I'm struggling to figure out how to catch an exception in Haskell.
Eventually, what I want to do is to use the Control.Macho library
(from Hackage) to parse binaries on Mac OS X. Naturally, I would like
my program to gracefully handle corrupted files or files that aren't
binaries. So I need to catch exceptions if the parsing with Data.Macho
Digression: Note that if I leave out the `foo e` call, then I get
Ambiguous type variable `e' in the constraint:
`Exception e' arising from a use of `try' at scratch.hs:21:9-11
Probable fix: add a type signature that fixes these type variable(s)
I find this somewhat counter-intuitive; this is also not discussed in
the book "Real-World Haskell" (at least I haven't found it), which is
what I'm using to learn Haskell. What is the best way to get around
Back to my problem. The program produces the following output:
$ runghc scratch.hs
Testing Pure... Caught a bad exception: abort via error
Testing Macho... No exception occured, the result is:
scratch.hs: too few bytes. Failed reading at byte position 4
This counter-intuitive in at least two ways:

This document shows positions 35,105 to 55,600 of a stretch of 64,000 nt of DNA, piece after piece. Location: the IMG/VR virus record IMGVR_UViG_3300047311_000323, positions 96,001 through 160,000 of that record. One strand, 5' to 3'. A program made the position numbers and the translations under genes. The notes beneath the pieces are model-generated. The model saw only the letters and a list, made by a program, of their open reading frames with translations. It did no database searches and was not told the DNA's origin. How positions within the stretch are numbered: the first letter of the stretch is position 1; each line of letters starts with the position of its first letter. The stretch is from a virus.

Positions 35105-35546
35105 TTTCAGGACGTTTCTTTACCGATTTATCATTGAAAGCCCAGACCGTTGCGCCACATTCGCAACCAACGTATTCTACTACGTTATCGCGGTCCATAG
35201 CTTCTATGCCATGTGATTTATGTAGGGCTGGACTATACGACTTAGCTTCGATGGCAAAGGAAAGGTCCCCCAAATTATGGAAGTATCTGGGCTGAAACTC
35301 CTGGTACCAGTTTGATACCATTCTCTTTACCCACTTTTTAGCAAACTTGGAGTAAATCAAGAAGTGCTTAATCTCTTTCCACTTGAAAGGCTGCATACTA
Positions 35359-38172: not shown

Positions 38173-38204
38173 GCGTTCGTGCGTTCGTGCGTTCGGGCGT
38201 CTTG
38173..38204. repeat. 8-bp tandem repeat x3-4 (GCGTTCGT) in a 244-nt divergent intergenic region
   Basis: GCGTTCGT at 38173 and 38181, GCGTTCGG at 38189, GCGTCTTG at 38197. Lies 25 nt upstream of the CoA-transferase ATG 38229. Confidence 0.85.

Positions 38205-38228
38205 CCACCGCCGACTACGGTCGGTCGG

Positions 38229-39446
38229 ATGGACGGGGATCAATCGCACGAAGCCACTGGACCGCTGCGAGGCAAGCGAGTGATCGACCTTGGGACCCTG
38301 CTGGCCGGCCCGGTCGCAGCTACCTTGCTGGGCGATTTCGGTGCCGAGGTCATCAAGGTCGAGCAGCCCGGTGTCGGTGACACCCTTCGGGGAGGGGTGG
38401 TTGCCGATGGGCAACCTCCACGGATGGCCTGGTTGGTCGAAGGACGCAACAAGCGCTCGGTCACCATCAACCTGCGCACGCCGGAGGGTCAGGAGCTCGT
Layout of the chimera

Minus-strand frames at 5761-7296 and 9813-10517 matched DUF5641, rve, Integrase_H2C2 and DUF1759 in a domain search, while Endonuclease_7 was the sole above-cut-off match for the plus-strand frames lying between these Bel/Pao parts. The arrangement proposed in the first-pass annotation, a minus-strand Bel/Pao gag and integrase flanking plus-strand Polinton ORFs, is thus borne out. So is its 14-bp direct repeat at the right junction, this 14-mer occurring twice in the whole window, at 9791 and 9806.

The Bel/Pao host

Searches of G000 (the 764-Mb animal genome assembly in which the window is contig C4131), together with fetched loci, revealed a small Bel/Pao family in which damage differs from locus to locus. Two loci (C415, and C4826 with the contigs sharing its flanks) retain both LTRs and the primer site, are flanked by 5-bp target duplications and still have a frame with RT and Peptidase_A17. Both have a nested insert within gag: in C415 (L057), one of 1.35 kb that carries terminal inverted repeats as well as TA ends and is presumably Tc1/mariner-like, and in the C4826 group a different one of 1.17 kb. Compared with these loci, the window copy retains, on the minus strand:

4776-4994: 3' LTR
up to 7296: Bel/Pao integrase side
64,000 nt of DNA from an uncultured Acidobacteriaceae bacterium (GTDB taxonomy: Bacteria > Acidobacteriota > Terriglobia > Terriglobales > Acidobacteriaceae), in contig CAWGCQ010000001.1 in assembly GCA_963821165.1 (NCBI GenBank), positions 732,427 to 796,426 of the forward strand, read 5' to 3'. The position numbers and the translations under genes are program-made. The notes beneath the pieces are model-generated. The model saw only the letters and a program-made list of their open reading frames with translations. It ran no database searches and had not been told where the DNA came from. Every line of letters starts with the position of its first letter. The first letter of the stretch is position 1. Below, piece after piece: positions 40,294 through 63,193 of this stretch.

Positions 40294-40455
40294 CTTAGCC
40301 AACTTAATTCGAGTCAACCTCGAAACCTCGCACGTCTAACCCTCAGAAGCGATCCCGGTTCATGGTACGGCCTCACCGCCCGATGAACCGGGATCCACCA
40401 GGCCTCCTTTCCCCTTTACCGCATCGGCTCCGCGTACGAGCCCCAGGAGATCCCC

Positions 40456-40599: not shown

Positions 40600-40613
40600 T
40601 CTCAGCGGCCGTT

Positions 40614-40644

1) How can it fail at position 4 in an empty string? That looks like a
sloppy error message too me; why doesn't it report the actually
Apparently the exception is only triggered when m is used in line 31.
So I guess that evaluate in line 24 is not causing strict evaluation
of the Data.Binary.Get monad, even though it is working for the error
and assert tests.
Why is that? Is that expected? If so, what am I doing wrong?
Now the 2nd exception won't be raised either: evaluate digged one
level into assert, and that causes an exception, but return will not
do that, it will just return the unevaluated thunk that wraps the
assert computation, and this thunk will get evaluated when you print
You can get the behavior what you expect by using some functions from
(res :: Either SomeException String) <- try $?evaluate?(f x `using` rnf)
Now all 3 will throw an exception, as you expected.?Why? (a `using`
rnf) reduces its argument (a) to "head normal form", which basically
means it evaluating all sub-expressions at all levels.
> evaluate (1:error "2": `using` rnf) >>= print . head
will now give an error.
On Sun, Mar 1, 2009 at 1:48 AM, Bjoern Brandenburg <[hidden email]> wrote:
> Ok, so I was able to extract a simpler program with the same symptoms.
> http://hpaste.org/fastcgi/hpaste.fcgi/view?id=1900#a1900 >
> Apparently the exception is only triggered when m is used in line 31.
> So I guess that evaluate in line 24 is not causing strict evaluation
> of the Data.Binary.Get monad, even though it is working for the error
> and assert tests.
> Why is that? Is that expected? If so, what am I doing wrong?
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